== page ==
Gardening for the Soul

I don’t have many memories of time spent just me and my mother when I was child, but most Sunday mornings we would make a cup of tea, and usually in our dressing gowns we would walk around the garden. We would amble at the very slowest of snails-paces and she would point out to me every single plant, she would tell me its Latin name, and make some comment about how it was doing, where it was in its life cycle, how the seasons were progressing. Now I had absolutely no interest in gardening, couldn’t ever remember  a single one of those names which sounded more like magic spells than flowers, didn’t even much like tea at that age, but these were some of my most cherished childhood moments.

Whatever the weather or time of year we would be out there, sometimes with wellies and coats over our dressing gowns, gripping the hot mug tightly to warm my freezing hands, or basking in the summer sun. They seemed to last hours these parambulations, but that is probably the warped clock of  childhood, with large chunks of silence whilst my mother found the next plant that interested her. It was just her and me, and it felt magical. As I grew into a miserable teenager I still always agreed to the Sunday morning ritual, though I grew less and less interested in anything she was telling me.

It was many years later when I had my first experience of gardening myself. My daughter was around six weeks old and for some strange reason my father gave me a ‘grow your own potatoes’ kit. It seemed like the last thing I wanted to be doing at that precise point in my life, but I got a strange enjoyment from growing these potatoes, and although we didn’t get many, the resulting meal we cooked from them was one of the finest I’d tasted!

The next Spring we pushed ourselves further, and despite living in a rented house where we weren’t allowed to plant anything, we filled the patio with grow bags, and grew a whole host of herbs and veggies. It was wonderful seeing my daughter pottering around and getting soil between her fingers, and it felt like such an achievement to have created actual food!

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Since then we have bought our own house with our own garden, and somehow those years of garden walks have percolated my soul. Being out working in the garden makes me feel whole and connected and productive. It brings something to my life that I don’t get in any other way.

Our house was a new build, and when we moved in it was essentially a bare, turfed expanse. We were blessed to have one edge bordered by an old Cornish wall and established trees and I loved the wild plants covering it. The rest however was very much a blank canvas. We were quick to get some raised beds in and seeds planted to emerge the next Spring. We planted hundreds of bulbs and got three fruit trees new homes with us. This process felt essential as part of us rooting ourselves into this family home, a statement of our intent to live and raise our family in this space, this ground that we had bought.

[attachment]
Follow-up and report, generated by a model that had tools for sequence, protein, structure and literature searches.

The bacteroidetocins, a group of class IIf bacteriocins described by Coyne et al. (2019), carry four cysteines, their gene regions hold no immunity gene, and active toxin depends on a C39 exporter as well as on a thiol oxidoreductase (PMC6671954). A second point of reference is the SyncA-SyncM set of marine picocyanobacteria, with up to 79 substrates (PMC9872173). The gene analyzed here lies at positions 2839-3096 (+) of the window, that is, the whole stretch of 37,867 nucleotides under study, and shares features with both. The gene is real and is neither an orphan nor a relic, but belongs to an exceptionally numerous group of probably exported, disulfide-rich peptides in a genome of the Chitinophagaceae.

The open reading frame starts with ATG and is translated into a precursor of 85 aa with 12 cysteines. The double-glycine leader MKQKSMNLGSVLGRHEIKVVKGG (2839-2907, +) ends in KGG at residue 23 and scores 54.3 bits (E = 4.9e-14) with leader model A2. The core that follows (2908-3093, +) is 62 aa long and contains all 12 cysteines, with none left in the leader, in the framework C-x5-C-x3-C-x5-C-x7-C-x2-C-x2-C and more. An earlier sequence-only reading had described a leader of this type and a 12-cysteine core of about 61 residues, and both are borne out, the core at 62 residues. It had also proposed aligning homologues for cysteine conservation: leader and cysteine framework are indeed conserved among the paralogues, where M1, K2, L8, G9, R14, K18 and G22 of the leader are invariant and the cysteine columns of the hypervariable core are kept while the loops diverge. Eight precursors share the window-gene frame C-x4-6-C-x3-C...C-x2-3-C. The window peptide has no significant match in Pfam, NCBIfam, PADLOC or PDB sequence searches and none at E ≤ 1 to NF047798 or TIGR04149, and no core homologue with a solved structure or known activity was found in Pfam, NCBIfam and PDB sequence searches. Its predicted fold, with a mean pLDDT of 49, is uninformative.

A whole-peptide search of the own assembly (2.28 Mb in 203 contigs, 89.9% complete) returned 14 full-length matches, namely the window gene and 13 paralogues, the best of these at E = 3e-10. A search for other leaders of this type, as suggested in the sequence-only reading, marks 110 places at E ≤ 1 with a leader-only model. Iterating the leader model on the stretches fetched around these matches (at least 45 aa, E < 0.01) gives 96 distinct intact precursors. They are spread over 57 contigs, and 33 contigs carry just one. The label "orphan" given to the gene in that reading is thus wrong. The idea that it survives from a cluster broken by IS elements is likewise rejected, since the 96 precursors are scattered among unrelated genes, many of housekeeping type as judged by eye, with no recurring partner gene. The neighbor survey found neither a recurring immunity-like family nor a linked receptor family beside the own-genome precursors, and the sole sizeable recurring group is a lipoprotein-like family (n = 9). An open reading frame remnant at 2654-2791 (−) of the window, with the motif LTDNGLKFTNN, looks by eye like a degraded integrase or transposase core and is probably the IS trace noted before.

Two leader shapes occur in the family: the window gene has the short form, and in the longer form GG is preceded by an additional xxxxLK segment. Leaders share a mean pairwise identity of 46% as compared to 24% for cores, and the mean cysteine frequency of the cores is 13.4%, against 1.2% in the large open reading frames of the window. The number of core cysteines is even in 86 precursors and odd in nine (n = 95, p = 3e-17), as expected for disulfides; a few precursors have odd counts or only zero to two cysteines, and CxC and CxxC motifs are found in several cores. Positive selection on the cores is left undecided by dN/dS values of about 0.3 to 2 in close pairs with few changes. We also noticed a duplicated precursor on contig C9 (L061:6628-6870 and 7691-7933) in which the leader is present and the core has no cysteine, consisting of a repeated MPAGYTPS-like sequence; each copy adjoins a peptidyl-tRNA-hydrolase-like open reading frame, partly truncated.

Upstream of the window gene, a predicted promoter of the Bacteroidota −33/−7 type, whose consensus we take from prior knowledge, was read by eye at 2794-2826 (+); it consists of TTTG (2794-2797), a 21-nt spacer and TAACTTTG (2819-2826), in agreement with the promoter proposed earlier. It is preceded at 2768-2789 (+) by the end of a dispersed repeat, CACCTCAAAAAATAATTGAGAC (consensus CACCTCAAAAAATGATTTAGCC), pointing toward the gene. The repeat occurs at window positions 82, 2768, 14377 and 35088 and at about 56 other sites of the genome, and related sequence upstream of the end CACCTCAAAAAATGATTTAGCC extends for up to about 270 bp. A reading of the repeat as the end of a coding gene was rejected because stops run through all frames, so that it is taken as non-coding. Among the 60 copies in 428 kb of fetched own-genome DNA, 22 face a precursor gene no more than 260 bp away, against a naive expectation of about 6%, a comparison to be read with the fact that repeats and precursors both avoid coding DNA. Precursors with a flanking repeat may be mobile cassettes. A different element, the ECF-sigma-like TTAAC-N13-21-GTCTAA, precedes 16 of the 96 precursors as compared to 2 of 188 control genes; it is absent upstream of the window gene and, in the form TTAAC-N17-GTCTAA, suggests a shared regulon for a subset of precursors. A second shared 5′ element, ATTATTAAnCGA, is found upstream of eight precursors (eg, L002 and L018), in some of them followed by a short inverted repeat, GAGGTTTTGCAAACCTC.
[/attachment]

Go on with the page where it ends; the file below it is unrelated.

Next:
Over the subsequent years we have had highs and lows in our garden. It has made me acutely aware of the passing of the seasons, from the midwinter mud bath where our whole garden seems to be a swamp covered in sludgey fallen leaves and broken twigs from our trees, to the glories of summer, with our land overwhelmed with life, growth and fecundity, as we can sit in the sunshine and hear food growing around us.

This particular moment in the year is one that is most precious to my heart. This time two years ago I was eagerly awaiting the birth of my second child. I had planned a home birth with the birth pool installed in the kitchen. The kitchen has French Windows leading out to the garden, and with the bare trees of winter we look out onto all our neighbours. Once the leaf buds start to burst these neighbours start to become fuzzy and then get excluded entirely, until it feels as if we are living in the middle of our very own countryside idyll, miles from everyone. In the weeks leading to the birth I watched these leaf buds intently, as the pale silver green leaves unfurled, each one making me feel more safe and secluded. By the time my boy arrived it felt as if I was in my very own green womb world, where anything was possible and all life was just beginning. It was a beautiful feeling and I can’t help but get a little overwhelmed by that memory every time I notice those new leaves emerging, and I wonder if I will carry that feeling with me every spring now.

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Our blank canvas is now far from blank, and the wild of the old Cornish wall tries to encroach on us with brambles and weeds, and we are learning to find a harmonious balance with them. We have gained some chickens and they definitely add to the inherent chaos of nature. Our garden will never be neat and ordered, landscaped and formal. It is ramshackle and wild, fertile and productive.

My son’s umbilical cord is now feeding a cherry tree, rooting him forever to this spot in the world where he began. My daughter chose a hazelnut tree to grow alongside it in her honour. I look forward to watching them grow and fruit as my children do too, and I’m already practicing my parambulations, tea in hand, telling them all the Latin names.

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7 thoughts on “Gardening for the Soul

  1. Pingback: Joy | Inner Grace

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